Yet another major source of leakage in the pipeline results from lack of networking and mentoring. Studies by Fiona Murray and Leigh Graham of the Massachusetts Institute of Technology have found that women scientists may have fewer graduate and postdoctoral students to support their work than men and less diverse networks. In addition, women faculty report fewer referrals from collegial networks to participate in the commercial marketplace by being asked to consult, serve on science advisory boards, and interact with industry.
Toward a Solution
Many institutions of higher education are reviewing and reforming their policies and practices in response to the national focus on women’s participation in science and shortages in the science and technology workforce resulting from national security measures introduced after September 11, 2001, which have made it difficult for highly skilled non-U.S. workers to get U.S. visas. Attracting women to science and high-tech entrepreneurship and then retaining them will require changing the culture of science to make it more family-friendly and inviting.
First, both men and women must recognize that women who want families do not have the luxury of waiting to have children until they have established their careers. Grant-making organizations should allow all applicants to allocate grant money toward family care, including child and elder care. Clare Booth Luce Professorships, funded by the Henry Luce Foundation and designed to advance the careers of women in science, engineering, and mathematics, provide a model for doing so.
Second, STEM departments at U.S. universities should incorporate marketing, finance, management, and other business training into graduate education. Interview research reveals that high-tech employers seek STEM workers who understand project management, leadership, and business skills, such as the ability to read financial statements and write proposals. Women often do not receive this mentoring in graduate school, just as in the 1970s they often were not mentored in grant writing.
A third solution, uncontroversial and low cost, would be for the government simply to enforce existing antidiscrimination laws, such as the sixth, seventh, and ninth titles of the Civil Rights Act. Men are no longer banning women from their academic laboratories (as was done to Madame Curie until she won her second Nobel Prize) or withholding research funding to support their employment (as was done by the federal funders of the Stanford Linear Accelerator Center during the 1960s). But cultural and institutional biases do creep in to chill the climate for women scientists. For example, A Study on the Status of Women Faculty in Science at MIT, published in 1999, found an unequal distribution of resources between men and women faculty in terms of laboratory space, salary supplements, start-up packages, university funding, and even prize nominations.
Fourth, the NSF’s ADVANCE program should be expanded and redirected. Initiated in 2001 to increase the representation of women in academic science and engineering careers, this modest program has achieved fantastic results at almost thirty U.S. universities. This successful model should be expanded to include other federal agencies such as the National Institutes of Health, the Defense Advanced Research Projects Agency, and the Department of Energy.
Fifth, more aggressively promoting qualified women to science advisory boards, science journal editorial boards, and science policy positions would make them more visible. Mentors need to encourage their women graduate students to assert themselves and to sell their ideas, and they should help introduce them into men-only networks.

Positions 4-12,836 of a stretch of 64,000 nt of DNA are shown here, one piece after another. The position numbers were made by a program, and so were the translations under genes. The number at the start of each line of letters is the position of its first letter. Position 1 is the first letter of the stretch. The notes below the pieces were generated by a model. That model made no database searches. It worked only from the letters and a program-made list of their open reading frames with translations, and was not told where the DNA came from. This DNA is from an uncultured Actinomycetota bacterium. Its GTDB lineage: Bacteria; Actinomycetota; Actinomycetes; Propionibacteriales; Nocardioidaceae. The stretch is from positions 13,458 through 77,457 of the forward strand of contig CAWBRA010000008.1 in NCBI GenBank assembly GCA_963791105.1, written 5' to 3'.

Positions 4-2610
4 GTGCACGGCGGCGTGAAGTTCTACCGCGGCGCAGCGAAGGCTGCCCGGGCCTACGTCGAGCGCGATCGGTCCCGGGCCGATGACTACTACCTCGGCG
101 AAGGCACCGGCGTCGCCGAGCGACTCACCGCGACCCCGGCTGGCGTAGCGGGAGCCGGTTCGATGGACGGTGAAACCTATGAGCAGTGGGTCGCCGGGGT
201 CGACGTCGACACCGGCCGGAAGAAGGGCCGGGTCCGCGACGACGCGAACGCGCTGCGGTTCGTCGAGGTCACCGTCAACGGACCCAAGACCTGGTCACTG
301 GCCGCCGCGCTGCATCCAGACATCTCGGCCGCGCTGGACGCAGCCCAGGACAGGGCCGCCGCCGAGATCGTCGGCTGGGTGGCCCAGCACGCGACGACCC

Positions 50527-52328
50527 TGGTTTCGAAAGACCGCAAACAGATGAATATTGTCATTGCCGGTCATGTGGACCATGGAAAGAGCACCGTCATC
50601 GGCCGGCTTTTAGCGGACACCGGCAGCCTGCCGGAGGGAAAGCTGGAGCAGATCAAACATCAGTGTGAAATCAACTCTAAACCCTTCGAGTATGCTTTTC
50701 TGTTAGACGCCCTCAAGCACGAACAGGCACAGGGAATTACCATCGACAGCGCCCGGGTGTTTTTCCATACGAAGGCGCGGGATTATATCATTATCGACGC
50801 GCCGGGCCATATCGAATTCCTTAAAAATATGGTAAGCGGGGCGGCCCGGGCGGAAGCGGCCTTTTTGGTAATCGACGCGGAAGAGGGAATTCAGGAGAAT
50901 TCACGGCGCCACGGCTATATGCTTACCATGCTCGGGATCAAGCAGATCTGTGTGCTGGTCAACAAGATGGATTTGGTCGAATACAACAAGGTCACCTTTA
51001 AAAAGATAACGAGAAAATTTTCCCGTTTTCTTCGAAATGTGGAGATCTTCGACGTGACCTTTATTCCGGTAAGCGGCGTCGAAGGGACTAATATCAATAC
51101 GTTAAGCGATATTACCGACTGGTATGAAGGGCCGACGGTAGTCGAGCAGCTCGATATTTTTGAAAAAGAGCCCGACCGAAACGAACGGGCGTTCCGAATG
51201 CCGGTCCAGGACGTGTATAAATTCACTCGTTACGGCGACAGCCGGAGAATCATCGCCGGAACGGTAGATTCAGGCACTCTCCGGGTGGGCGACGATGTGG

Finally, the country as a whole must reject the portrayal of women scientists as a special interest group. Women constitute half of the U.S. population and now earn more than half of the undergraduate degrees in science. Because of the income advantage that STEM skills bring, losing STEM-trained women from the workforce as a result of poor mentoring or a failure to institute family-friendly policies risks resegregating women economically. Moreover, 2006 research by the nonprofit group Engineers Dedicated to a Better Tomorrow documents that women are attracted to science and technology when they see its “specific and tangible contributions to society and in bettering local communities, our nation, and the world.” These sound like exactly the characteristics we need in scientists and engineers to help create a better society. If we fail to rid ourselves of anachronistic cultural biases and outdated policies, we will lose out to countries that are able to do so. But if we succeed in attracting more women to science and technology, we will benefit both women and science.
Sue V. Rosser is dean of the Ivan Allen College and professor of public policy and history, technology, and society at the Georgia Institute of Technology. Her e-mail address is firstname.lastname@example.org. Mark Zachary Taylor is assistant professor of international affairs at Georgia Tech. His e-mail address is email@example.com.
Why are we so concerned about women in STEM where they receive 44% of the PhD's, but completely unconcerned about men in the other disciplines where men receive only 40% of the PhD's? At a more basic level, why aren't we concerned that men receive only 40% of Bacholor Degrees?
Not only is it time for women to give up their priviledged position in education (special access. special programs, special funding and the feminist notion that its ok for women to only look out for women), it is time to undertake programs specifically designed to recruit and retain male students and adapt programs to men's needs.
Look at any newspaper in the country. Count the faces. How many are men versus women? It gets even worse if you look at the sports or financial/money sections. Go into any city fire department or police department. If they are 25% women it is unusual. More like 10%, at best. Find me an electrician, plumber or air conditioning/heating technician that is a woman. All very decent paying jobs with low education requirements but great old boy networks for working your way into these jobs. Why would a man go into the lower paying jobs that require college degrees? There’s your answer.